• Birth defects – There is a greater risk of congenital malformation, or birth defects, in babies whose mothers had gestational diabetes. Brain and heart defects are not uncommon. The risk of anencephaly (the absence of a major portion of the brain, skull, and scalp), spina bifida (a serious condition affecting the backbone and spine), and caudal dysplasia (a defect of the lower portion of the spine) are much higher in these infants.
  • Stillbirth – In serious cases, gestational diabetes in expectant mothers can cause them to miscarry or have a stillbirth.

Any of the above can negatively affect unborn or newborn babies, especially when early detection and treatment of gestational diabetes in their mothers is delayed. Of course, there are also risks associated with the condition for mothers, including an increased risk of gestational diabetes for any future pregnancies that would also impact the new baby.

When Are the Complications of Gestational Diabetes Medical Malpractice?

Sometimes, the complications that follow gestational diabetes in pregnant women are unfortunate and unavoidable – they simply happen, and no one is to blame. However, there are other times when doctors or other medical staff make mistakes, misdiagnose, or fail to diagnose gestational diabetes in the mother, resulting in complications during pregnancy, childbirth, or shortly after delivery. When this happens, it could be considered medical malpractice.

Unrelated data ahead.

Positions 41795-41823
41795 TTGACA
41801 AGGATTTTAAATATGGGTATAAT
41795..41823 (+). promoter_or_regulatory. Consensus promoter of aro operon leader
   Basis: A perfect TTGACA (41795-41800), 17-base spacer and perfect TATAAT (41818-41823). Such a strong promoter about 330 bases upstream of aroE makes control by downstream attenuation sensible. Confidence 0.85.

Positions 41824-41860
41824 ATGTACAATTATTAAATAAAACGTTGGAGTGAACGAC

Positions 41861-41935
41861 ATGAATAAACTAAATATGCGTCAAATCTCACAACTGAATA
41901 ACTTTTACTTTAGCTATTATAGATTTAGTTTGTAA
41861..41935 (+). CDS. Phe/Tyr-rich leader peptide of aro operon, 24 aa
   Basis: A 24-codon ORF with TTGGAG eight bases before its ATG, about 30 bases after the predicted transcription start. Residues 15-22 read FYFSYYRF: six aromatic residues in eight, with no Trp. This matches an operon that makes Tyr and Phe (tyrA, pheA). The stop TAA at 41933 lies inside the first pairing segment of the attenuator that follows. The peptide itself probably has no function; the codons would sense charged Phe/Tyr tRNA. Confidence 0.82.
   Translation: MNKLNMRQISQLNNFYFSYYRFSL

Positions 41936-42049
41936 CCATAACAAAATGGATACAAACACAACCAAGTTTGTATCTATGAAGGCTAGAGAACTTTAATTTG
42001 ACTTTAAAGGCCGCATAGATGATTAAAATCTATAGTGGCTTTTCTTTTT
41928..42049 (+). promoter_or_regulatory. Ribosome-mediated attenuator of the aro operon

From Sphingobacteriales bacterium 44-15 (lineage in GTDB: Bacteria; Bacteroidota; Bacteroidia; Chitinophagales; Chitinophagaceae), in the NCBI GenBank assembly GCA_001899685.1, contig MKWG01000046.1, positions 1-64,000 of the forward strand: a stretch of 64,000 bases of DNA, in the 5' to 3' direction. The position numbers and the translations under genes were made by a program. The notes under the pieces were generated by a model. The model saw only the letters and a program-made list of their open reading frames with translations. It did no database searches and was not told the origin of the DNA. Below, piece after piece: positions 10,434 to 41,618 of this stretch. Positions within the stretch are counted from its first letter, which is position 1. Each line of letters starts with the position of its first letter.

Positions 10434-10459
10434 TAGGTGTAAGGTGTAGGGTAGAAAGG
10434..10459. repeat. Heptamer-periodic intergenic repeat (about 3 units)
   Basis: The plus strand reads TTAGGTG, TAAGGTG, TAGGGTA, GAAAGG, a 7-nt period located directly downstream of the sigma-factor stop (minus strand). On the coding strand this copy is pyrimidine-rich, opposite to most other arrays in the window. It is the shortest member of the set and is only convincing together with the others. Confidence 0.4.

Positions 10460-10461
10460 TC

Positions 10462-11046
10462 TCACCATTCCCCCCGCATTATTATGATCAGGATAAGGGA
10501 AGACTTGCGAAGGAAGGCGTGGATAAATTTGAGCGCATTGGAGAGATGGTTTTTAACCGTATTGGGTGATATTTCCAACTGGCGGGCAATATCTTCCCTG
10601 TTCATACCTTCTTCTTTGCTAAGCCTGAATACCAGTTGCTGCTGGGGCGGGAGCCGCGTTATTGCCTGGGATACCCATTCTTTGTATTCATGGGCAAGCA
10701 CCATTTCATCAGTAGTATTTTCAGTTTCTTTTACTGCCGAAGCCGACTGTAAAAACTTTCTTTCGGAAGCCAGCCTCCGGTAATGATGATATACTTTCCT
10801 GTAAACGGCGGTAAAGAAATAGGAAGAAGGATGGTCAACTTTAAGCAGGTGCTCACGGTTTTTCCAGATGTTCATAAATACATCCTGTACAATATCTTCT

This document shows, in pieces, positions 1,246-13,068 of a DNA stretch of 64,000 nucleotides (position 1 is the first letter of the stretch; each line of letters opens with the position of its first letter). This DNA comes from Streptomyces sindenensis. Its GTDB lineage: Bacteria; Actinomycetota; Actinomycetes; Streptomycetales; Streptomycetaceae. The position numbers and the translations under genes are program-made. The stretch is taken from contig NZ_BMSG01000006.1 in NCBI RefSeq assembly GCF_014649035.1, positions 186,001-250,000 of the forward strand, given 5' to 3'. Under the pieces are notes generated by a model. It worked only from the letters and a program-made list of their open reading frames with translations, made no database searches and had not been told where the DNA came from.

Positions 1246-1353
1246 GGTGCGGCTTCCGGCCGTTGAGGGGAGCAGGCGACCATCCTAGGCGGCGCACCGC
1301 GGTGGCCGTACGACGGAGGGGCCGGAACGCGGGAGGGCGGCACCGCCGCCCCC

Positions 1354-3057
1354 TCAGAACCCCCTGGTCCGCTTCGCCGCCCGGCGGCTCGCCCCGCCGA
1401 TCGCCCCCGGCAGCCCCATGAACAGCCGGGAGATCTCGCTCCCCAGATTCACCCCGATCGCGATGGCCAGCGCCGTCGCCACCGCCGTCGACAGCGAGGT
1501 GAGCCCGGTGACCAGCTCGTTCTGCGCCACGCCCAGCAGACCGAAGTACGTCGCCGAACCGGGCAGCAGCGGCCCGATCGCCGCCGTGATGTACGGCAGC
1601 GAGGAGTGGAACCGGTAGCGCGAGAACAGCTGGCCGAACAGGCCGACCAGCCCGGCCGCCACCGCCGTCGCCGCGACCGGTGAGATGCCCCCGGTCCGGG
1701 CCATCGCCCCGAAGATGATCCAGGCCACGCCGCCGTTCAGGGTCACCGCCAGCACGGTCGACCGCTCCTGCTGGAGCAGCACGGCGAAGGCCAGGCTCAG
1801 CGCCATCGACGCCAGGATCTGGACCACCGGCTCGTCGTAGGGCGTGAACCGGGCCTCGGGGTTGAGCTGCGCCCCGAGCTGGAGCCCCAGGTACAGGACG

When Should I See a Gestational Diabetes Attorney In Pennsylvania?

The failure to properly diagnose, monitor, and treat a pregnant woman with gestational diabetes can result in severe complications for mother and child. It can result in excessive medical bills, emotional and mental distress, and pain and suffering that no family should suffer.

If you or a loved one had gestational diabetes and your baby suffered complications as a result, you may have a birth injury malpractice lawsuit. At Ross Feller Casey in Philadelphia, we have gestational diabetes lawyers and leading medical doctors onsite who are experienced and knowledgeable about the condition and its complications.

Ross Feller Casey also has a proven track record of winning gestational diabetes cases for our clients in Pennsylvania, eliminating the financial burdens they suffered due to the birth injuries their babies experienced at the hands of medical professionals.

If you are a victim of medical negligence in Pennsylvania, we can help. Please contact one of our birth injury attorneys today to schedule your free case evaluation.

Disclaimer: Ross Feller Casey, LLP provides legal advice only after an attorney-client relationship is formed. Our website is an introduction to the firm and does not create a relationship between our attorneys and clients. An attorney-client relationship is formed only after a written agreement is signed by the client and the firm. Because every case is unique, the description of awards and summary of cases successfully handled are not intended to imply or guarantee that same success in other cases. Ross Feller Casey, LLP represents catastrophically injured persons and their families in injury and wrongful death cases, providing legal representation in Pennsylvania and New Jersey.